This film deals with the colonial era of Vietnam when the French had become the colonial power. The specific tale involves a French woman who has amassed a huge rubber plantation somewhere near Saigon. She has lived life to its fullest without ever marrying but her prime interest is this plantation. Enter a young French navy captain who sweeps Eliane off her feet: the two begin an affair which Eliane terminates quickly. Eliane has adopted a young Vietnamese girl when her parents both die in a crash. Camille, the young girl is groomed to become the wife of a rich powerful Vietnamese family but she falls for the handsome young navy captain her mother has dumped. Even though Camille marries the young Vietnamese boy who has studied abroad bringing Communism back to Vietnam, she plans to run away from this traditional union to connect with Jean-Baptiste, the young navy captain. They have a baby boy which Eliane raises as both parents are jailed. When Camille is finally released, she refuses to return home. This leaves her son with her mother. Eliane sells the huge rubber plantation to bring the Vietnamese young man back to France. The love triangle has unfolded to reveal the colonial era Vietnam. The film is superbly well done and the plot is gripping. The setting of Saigon during the French colonial period reveals much social and political history! It is a great film just to view but shows how Vietnam has come to be what it is today. The film might be used in classes to reveal the results of colonialism-especially if studying Vietnam.

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Reviews for Indochine


Posted By: Sandra Gianella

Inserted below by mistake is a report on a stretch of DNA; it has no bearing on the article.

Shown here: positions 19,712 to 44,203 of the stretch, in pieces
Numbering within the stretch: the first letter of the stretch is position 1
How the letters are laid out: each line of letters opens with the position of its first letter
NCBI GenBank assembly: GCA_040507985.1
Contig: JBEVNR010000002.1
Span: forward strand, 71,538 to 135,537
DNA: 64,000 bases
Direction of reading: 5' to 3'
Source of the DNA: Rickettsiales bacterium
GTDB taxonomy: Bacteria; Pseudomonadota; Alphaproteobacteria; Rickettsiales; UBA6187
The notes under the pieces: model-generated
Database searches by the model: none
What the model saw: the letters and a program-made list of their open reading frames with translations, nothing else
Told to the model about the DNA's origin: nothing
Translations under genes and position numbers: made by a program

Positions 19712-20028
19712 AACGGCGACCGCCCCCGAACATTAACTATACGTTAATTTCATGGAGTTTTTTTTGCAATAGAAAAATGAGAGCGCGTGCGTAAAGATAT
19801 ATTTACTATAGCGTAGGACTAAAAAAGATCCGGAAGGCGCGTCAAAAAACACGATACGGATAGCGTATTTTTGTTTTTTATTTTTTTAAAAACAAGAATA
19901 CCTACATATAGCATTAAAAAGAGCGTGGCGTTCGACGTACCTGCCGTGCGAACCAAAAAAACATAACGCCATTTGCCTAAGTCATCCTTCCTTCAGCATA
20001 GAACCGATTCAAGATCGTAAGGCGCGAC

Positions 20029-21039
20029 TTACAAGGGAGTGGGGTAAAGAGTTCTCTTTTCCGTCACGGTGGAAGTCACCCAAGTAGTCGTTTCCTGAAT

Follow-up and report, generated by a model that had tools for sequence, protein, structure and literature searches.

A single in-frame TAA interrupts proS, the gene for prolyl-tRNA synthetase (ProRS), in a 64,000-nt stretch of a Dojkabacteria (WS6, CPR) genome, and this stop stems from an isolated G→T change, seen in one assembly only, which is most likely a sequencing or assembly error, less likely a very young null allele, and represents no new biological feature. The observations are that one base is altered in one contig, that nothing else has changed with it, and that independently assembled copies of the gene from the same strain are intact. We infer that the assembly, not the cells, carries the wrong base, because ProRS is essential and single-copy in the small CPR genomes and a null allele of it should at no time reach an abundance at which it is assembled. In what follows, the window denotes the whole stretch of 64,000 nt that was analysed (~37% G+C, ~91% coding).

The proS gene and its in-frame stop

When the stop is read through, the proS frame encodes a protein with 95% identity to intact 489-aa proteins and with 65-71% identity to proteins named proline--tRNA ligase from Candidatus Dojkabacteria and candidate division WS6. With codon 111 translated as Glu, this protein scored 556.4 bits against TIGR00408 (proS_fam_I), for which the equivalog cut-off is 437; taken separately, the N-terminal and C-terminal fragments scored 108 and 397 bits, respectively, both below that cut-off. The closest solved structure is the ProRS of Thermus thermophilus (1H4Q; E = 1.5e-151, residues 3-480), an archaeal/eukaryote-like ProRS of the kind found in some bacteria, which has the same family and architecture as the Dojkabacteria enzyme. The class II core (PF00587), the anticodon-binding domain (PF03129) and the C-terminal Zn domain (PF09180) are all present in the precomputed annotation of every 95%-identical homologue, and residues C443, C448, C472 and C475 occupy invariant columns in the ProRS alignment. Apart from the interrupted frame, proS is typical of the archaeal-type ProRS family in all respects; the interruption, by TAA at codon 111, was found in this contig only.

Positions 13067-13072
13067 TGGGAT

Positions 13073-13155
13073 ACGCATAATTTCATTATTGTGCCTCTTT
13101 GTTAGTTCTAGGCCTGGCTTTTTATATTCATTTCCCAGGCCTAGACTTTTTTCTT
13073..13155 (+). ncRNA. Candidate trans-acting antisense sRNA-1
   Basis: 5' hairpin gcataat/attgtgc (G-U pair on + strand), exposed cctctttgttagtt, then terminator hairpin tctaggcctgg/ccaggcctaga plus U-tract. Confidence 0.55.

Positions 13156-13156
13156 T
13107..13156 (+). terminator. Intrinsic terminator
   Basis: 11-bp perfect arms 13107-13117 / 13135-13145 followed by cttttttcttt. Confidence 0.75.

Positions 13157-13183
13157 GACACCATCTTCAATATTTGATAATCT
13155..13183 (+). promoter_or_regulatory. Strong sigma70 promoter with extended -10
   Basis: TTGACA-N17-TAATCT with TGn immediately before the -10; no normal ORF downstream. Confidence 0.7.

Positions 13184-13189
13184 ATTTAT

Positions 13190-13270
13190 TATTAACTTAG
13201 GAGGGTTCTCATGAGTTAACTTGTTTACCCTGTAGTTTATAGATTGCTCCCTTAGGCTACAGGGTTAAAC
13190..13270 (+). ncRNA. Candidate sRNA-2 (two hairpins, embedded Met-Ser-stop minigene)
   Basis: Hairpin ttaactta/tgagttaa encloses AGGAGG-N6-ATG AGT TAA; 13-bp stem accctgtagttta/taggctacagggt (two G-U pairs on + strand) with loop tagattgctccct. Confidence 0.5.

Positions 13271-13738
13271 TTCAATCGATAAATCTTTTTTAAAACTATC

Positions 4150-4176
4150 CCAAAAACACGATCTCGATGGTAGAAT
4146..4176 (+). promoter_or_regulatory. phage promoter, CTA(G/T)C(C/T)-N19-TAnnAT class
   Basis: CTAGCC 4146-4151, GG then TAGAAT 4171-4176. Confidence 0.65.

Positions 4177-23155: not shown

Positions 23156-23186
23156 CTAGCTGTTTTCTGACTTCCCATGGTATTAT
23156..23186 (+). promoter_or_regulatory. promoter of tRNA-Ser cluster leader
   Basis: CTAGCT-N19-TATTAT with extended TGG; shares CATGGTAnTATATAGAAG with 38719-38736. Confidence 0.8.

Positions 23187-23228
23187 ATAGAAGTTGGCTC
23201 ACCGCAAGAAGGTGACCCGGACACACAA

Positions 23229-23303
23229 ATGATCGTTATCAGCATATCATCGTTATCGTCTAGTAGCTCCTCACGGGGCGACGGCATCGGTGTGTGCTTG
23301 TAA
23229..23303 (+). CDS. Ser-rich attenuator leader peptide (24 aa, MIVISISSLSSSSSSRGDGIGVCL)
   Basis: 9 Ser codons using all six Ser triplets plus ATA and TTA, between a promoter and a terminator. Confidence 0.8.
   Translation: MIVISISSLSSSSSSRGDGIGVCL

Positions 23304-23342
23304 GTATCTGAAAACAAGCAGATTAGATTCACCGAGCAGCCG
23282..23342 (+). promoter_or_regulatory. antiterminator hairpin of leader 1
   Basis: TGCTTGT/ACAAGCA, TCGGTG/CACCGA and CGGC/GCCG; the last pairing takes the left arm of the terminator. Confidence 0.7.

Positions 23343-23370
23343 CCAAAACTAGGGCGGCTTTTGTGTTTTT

Posted On: May 22, 2017

The book The Girl in the Picture is a biography of the life of Kim Phuc, the young girl featured in a well-known picture from the Vietnam War showing children running down the road after napalm had been dropped on their village. One girl in the center of the photo is running naked after the napalm burned the clothes right off her body. It does not take much imagination on the viewer's part to imagine the screams coming from her based on the agony depicted on her face in the photo. The author does provide thorough background into the history of Kim Phuc's family. The reader is afforded a first-hand account of the roles family members play in Vietnam prior to the onset of the war as well as during the war.
The author also explains then effects the picture had on the life of the young Vietnamese photographer, Nick Ut, who actually captured the picture for American journalists and the efforts to get it published in the West.
The book does not begin with Kim Phuc as a young girl in a village, rather we are introduced to her as an adult woman living an unassuming life in Toronto with her family when she realizes she's being followed by paparazzi who have recently learned who she is and where she's living. From there time rolls in reverse back to the early lives of her parents and the daily on-goings of the people of her village. In this way, a reader with limited knowledge of life in Vietnam prior to and during the war for the citizens of Vietnam gains some understanding of some of the difficult life-choices forced on these people daily.
This book is not only informative, but also a touching story of human perseverance, resilience, and maybe most of all it is a story of forgiveness.